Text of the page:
Periodontal (Gum) Disease Treatment
The early stages of gingivitis can be reversed with non-surgical treatment as may be recommended by your periodontist, besides prescribing certain medicines and the mouth rinses. But in the case of advanced periodontitis, gum surgery may be required. The biggest factor in the treatment options available to you will be how quickly your gum disease is detected and how rapidly it advances.
Examples of gum treatments at Dr Mathur's Dental Clinic for the milder form of periodontal disease (gingivitis) include scaling and polishing. This procedure is painful or uncomfortable for some, especially if gums are already sensitive. A topical analgesic, which numbs the nerves and usually eases the pain, can be swabbed onto the gums prior to and during cleaning. For hyper sensitive patients, stronger measures, such as anesthesia, may be used. An ultrasonic scalar device, which sends out sound waves on high frequencies to break down plaque and tartar, may also be used. Polishing is the buffing of tooth surface on which plaque has more difficulty forming on a smooth surface, helping maintaining healthy gums.
Scaling and root planing. This method of periodontal treatment thoroughly cleans the root surface to remove any plaque and tarter build-up. A deep cleaning at dental clinics in India of the root (cementum) eliminates crevices, holes or uneven surfaces that can harbor bacteria and plaque. Following that, antimicrobials may be locally delivered to ward off any remaining bacteria. Some patients may require deep cleaning (debridement) more often than twice yearly.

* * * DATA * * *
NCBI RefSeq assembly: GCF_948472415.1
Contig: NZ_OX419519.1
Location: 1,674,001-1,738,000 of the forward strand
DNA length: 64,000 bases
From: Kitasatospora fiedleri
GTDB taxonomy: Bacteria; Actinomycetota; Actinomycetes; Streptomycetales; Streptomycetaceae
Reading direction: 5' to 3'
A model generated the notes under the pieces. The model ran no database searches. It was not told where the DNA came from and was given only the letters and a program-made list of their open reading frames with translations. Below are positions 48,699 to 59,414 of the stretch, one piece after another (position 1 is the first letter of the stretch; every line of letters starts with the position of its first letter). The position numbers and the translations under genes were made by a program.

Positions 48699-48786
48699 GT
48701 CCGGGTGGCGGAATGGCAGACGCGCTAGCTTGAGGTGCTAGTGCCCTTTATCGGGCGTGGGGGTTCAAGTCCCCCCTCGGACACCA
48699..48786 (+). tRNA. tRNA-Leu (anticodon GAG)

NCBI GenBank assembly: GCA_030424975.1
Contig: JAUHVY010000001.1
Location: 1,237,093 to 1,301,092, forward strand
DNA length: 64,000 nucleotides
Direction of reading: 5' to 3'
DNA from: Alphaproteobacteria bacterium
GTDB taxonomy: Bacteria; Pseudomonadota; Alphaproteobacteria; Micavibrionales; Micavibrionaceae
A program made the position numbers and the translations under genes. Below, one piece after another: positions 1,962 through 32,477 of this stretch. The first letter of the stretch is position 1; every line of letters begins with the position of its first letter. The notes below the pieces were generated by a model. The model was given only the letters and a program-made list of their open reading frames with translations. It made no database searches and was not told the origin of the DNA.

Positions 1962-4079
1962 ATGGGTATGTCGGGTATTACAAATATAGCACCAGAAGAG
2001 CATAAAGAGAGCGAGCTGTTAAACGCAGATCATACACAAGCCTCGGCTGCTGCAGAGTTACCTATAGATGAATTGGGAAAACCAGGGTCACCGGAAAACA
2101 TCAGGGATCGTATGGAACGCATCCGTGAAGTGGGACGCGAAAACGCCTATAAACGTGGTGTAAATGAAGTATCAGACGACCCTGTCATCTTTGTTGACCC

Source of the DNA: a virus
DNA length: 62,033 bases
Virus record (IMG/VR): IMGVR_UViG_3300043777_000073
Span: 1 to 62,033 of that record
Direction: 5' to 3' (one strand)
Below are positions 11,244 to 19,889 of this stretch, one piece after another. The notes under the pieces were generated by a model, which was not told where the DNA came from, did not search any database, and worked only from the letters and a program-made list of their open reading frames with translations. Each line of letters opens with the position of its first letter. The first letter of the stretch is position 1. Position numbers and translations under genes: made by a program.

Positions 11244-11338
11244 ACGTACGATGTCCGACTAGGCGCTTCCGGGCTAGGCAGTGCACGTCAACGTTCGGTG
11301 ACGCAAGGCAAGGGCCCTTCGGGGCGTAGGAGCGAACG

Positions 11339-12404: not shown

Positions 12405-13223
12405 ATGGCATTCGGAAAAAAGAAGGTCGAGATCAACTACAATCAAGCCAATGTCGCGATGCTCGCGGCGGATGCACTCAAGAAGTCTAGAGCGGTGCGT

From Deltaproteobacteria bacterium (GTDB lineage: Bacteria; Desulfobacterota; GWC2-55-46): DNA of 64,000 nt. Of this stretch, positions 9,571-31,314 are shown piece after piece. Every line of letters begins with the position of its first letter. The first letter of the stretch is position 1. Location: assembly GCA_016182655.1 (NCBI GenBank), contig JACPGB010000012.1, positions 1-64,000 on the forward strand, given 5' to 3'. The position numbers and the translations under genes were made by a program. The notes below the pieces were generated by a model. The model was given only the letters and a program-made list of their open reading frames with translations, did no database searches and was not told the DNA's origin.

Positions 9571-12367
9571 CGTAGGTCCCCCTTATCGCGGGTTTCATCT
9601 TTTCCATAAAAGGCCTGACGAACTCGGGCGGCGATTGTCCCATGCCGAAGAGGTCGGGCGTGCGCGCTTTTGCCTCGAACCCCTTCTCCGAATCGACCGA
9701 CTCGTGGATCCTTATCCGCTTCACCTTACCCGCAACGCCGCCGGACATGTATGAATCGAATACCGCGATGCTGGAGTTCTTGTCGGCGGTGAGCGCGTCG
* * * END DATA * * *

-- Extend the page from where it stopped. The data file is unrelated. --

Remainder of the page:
Advanced Periodontitis Treatment:
More severe periodontal cases of advanced gum disease often require periodontal (gum) surgery performed by periodontist at India Dental Clinic. In a situation when deep pockets of 5 millimeters (mm) or more are present gum surgery becomes the only viable periodontal treatment once the tissue around your teeth becomes too unhealthy to be repaired with non-surgical treatment. The types of gum surgery most often recommended are Pocket reduction procedures; Regenerative procedures; Crown lengthening; and Soft tissue grafts.
- Flap surgery: This procedure involves cutting a flap in the gums and pealing the tissue back to expose the roots to more thorough scaling and planing. The periodontist can also reshape the alveolar bone or put in splints to support weakened areas.
- Curettage: The procedure involves scraping bacteria off of gum tissue using a sharp instrument called a curette.
- Gum grafts: In a situation when healthy gums have eroded or died, the procedure to cover the exposed roots with tissue taken from the roof of the mouth (palate) becomes necessary. The periodontist cuts a piece of palate tissue and sews (sutures) it onto the gum line. Donor tissue may also be used for this procedure.
- Bone grafts: When the advanced periodontitis destroys the alveolar bones that anchor teeth to the jaw, the periodontist may attempt to repair the damage by attaching a piece of the patient’s own bone or synthetic bone material to the site. This provides a more stable anchor for the teeth and may help prevent tooth loss.
- Guided tissue regeneration: The procedure involves Periodontist placing a mesh of biocompatible material into the area of the bone graft